China Labour Quarterly Issue 9
Growing labour conflicts: more strikes due to Hong Kong enterprises’ labour violations
Police brutality against the labour movement: strikers physically assaulted in factories
In the second year since the establishment of its database to monitor Hong Kong-owned enterprises’ conduct in China, the HKCTU collected documents and reports from media, social media and other labour organizations on various collective labour actions that took place between May 2014 and April 2015. At least 25 media reported cases of workers’ collective rights-defending actions involving Hong Kong capital (a 40% growth compared with the previous year, between May 2013 and April 2014) are identified. 20 of these cases took place in the Pearl River Delta and more than 90% involved strikes. Nearly 30% of cases came from listed companies in Hong Kong. Almost 70% of the cases were triggered by the Hong Kong-owned enterprises’ violations of the Labour Contract Law. 60% of the cases involved “cut and run”, whereby workers received either little or no compensation and were left with wage arrears when the factories closed.
News of the Labour Movement in China
Feminist activists detained ahead of International Women’s Day
On International Women’s Day, activists from both China and Hong Kong organized campaign programmes to fight against sexual harassment. The Women’s Committee of the HKCTU hosted a press conference and taught self-defence on the streets. However, five feminist activists in China, Wang Man, Li Tingting, Wei Tingting, Wu Rongrong and Zheng Churan, were detained by the Chinese police and sent to a detention centre in Beijing on the Eve of International Women’s Day. They were detained on suspicion of “picking quarrels and provoking trouble” after planning a multi-city protest aimed at bringing an end to sexual harassment on public transport. They were then cut off from the world and even their families and lawyers could not contact them. The Women’s Committee of the HKCTU, the Association for the Advancement of Feminism and Amnesty International then launched a series of solidarity actions, prior to their release on 13 April 2015. This case, known internationally as that of the “Feminist Five”, has shocked the world. Yet, what impact does it have on the feminist movement and the labour movement in China and Hong Kong? How do the organizations which advocated for their release see it? This quarterly would like to look into the details.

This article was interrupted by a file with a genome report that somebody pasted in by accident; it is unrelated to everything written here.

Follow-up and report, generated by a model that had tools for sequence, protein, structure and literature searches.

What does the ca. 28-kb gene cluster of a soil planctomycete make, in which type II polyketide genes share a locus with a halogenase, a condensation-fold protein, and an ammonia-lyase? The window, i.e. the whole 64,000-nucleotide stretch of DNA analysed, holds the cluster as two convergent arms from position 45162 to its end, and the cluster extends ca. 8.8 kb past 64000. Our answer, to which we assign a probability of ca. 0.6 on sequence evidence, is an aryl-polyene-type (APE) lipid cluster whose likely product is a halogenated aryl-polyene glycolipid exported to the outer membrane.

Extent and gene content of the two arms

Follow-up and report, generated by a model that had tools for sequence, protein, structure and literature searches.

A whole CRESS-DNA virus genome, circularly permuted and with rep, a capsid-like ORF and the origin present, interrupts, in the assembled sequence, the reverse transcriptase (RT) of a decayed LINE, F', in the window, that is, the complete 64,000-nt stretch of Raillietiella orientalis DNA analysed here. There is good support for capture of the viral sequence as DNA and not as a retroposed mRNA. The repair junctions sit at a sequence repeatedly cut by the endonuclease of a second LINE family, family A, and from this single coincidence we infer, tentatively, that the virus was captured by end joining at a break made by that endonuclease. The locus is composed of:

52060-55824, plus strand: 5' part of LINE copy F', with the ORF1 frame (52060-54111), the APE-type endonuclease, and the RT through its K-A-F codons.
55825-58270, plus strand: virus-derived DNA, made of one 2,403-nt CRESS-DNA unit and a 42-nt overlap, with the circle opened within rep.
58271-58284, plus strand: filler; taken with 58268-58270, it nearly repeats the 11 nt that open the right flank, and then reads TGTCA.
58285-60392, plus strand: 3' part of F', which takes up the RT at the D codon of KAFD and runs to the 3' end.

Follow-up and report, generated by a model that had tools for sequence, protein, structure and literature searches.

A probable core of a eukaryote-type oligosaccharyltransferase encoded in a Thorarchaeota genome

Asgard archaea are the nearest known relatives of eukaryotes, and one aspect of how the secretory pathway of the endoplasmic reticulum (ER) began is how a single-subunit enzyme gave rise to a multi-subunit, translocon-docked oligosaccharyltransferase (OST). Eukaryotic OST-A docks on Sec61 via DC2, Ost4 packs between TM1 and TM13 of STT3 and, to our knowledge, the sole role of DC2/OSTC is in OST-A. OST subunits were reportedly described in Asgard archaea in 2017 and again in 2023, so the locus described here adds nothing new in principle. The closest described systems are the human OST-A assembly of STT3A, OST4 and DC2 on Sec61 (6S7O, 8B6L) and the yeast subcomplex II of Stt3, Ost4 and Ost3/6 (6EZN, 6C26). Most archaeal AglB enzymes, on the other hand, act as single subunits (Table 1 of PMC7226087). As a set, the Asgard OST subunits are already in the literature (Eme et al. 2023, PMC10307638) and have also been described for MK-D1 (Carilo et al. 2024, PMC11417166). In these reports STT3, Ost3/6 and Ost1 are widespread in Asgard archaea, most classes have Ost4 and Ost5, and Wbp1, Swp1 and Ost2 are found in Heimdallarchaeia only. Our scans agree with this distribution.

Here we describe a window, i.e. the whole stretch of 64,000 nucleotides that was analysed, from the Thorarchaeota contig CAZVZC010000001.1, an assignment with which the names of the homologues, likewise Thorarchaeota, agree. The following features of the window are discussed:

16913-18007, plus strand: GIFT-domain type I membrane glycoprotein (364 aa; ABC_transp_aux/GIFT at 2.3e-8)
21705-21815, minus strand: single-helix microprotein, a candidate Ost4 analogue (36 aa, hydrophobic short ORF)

News of the Labour Movement in China
One Year Anniversary of the Yue Yuen Workers’ Strike: Conditions and Voices of Workers
April 14, 2015 was the one-year anniversary of the mass strike by the workers at Yue Yuen,a footwear manufacturer. On April 14, 2014, all 50,000 workers from the Yue Yuen factories went on strike to demand that the management make up for the shortage in its contributions to their social insurance, which it had failed to pay in full. At the beginning, there were only 1,000 workers. A few days later, all 50,000 workers from the 6 plants owned by the company in Dongguan joined the strike. Labour groups in Hong Kong (including HKCTU), the USA, Australia and the UK demonstrated at offices and shops of Yue Yuen’s clients, which are branded sportswear companies. In the end, the management agreed to pay the arrears to its contribution to workers social insurance and housing fund. The management also promised to give workers an additional 230 yuan monthly living allowance. Has the management kept its promise? Are the workers satisfied? Let’s have a look at Qinyue’s survey published on “Voice of the Hammer” on Weixin, an online forum in mainland China.